U.S., U.K., Spain May Cut Energy Consumption by 20% Refitting Buildings

Governments in the U.S., the U.K. and Spain could reduce their energy consumption by as much as 20 percent by encouraging investors to refit buildings to make them more efficient, said Peter Sweatman, chief executive officer of the Madrid-based consulting firm Climate Strategy SL.

Officials could use investment opportunities worth as much as $300 billion a year globally by creating a framework for investing in “energy efficiency assets,” Sweatman said in a report to be published tomorrow co-authored by Katrina Managan of the Instituto de Empresa business school.

“The level of ambition required to reach a lot of the stated national targets of energy efficiency is high, and a greater level of policy engagement is going to be required to meet them,” Sweatman said in a telephone interview today.

Improving the energy efficiency of buildings, transport and factories is the quickest and cheapest way to reduce greenhouse- gas emissions and may be worth $1.2 trillion a year in sales by 2020, according to a related report by HSBC Holdings Plc. The European Union is aiming to improve energy efficiency by 20 percent over the next decade.

Sweatman recommended that governments offer guarantees to financing vehicles which can aggregate energy-efficiency projects with standardized documentation that can sell securities backed by those assets to institutional investors. The move would allow officials to deliver aid to a wider number of projects without having to approve individual refits.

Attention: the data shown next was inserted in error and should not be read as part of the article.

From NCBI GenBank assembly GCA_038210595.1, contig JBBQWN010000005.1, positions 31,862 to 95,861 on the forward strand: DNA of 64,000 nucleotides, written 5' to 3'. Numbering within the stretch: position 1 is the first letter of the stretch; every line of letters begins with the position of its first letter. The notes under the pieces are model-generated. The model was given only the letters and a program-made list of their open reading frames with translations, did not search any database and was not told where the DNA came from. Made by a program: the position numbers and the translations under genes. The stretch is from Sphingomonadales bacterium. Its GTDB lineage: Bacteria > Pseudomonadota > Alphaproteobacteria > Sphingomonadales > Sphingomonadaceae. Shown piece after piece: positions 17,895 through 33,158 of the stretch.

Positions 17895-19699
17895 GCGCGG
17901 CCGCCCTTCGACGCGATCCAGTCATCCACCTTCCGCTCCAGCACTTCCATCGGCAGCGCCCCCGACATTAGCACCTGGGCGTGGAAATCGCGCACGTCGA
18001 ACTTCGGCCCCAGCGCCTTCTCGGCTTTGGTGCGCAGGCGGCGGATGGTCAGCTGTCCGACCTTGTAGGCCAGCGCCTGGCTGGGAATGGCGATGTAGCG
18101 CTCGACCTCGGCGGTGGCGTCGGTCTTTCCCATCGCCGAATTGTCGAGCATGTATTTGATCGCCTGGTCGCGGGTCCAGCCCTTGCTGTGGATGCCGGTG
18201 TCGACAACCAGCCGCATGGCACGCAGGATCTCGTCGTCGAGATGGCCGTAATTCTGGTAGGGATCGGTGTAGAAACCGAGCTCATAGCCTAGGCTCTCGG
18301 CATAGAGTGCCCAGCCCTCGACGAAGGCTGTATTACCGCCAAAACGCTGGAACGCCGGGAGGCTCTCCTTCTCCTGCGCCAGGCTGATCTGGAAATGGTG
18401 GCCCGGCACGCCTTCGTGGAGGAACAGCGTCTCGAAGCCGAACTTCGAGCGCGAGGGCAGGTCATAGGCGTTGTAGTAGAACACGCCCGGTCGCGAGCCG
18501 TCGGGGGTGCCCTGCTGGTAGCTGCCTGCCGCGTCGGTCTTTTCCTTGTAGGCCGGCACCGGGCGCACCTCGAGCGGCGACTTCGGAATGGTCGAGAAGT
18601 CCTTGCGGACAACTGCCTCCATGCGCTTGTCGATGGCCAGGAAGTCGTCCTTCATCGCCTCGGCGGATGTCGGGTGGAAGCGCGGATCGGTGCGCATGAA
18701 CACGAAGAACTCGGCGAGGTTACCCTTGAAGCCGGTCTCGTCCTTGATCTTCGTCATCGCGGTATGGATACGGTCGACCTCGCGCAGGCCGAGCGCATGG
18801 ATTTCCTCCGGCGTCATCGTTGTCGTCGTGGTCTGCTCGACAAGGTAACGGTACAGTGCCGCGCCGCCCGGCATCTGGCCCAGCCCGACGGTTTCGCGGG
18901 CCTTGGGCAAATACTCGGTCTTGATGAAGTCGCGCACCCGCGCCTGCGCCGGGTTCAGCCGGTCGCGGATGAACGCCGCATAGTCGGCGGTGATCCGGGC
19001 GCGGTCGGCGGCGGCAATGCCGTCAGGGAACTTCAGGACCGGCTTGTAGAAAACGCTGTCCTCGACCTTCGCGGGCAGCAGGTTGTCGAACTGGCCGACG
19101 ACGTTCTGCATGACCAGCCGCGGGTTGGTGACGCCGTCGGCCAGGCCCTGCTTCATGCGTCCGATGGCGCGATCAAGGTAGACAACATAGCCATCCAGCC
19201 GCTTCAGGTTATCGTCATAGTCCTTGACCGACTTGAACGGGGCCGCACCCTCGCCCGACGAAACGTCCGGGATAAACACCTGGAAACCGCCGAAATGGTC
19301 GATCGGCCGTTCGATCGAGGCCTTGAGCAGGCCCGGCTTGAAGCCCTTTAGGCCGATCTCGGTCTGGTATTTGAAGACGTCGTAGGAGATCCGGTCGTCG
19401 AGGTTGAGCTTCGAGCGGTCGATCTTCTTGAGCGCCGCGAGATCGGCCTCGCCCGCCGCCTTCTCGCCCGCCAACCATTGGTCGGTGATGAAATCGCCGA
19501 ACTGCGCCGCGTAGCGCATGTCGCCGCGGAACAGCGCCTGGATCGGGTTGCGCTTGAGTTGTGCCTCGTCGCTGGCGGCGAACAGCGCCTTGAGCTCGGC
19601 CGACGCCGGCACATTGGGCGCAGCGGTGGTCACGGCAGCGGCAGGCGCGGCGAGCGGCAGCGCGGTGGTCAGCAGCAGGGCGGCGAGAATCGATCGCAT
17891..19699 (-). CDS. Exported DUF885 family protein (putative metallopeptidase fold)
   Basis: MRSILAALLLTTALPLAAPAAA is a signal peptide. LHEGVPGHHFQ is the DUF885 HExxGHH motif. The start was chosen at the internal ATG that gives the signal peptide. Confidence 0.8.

“We need more agile way in which governments can provide support,” Sweatman said

The report was reviewed by executives from Climate Change Capital, Banco Santander SA and NextEra Energy Inc. as well as academics at the University of California, Berkeley, and Duke University.

To contact the reporter on this story: Ben Sills in Madrid at bsills@bloomberg.net

To contact the editor responsible for this story: Reed Landberg at landberg@bloomberg.net

Bloomberg reserves the right to remove comments but is under no obligation to do so, or to explain individual moderation decisions.

Please enable JavaScript to view the comments powered by Disqus.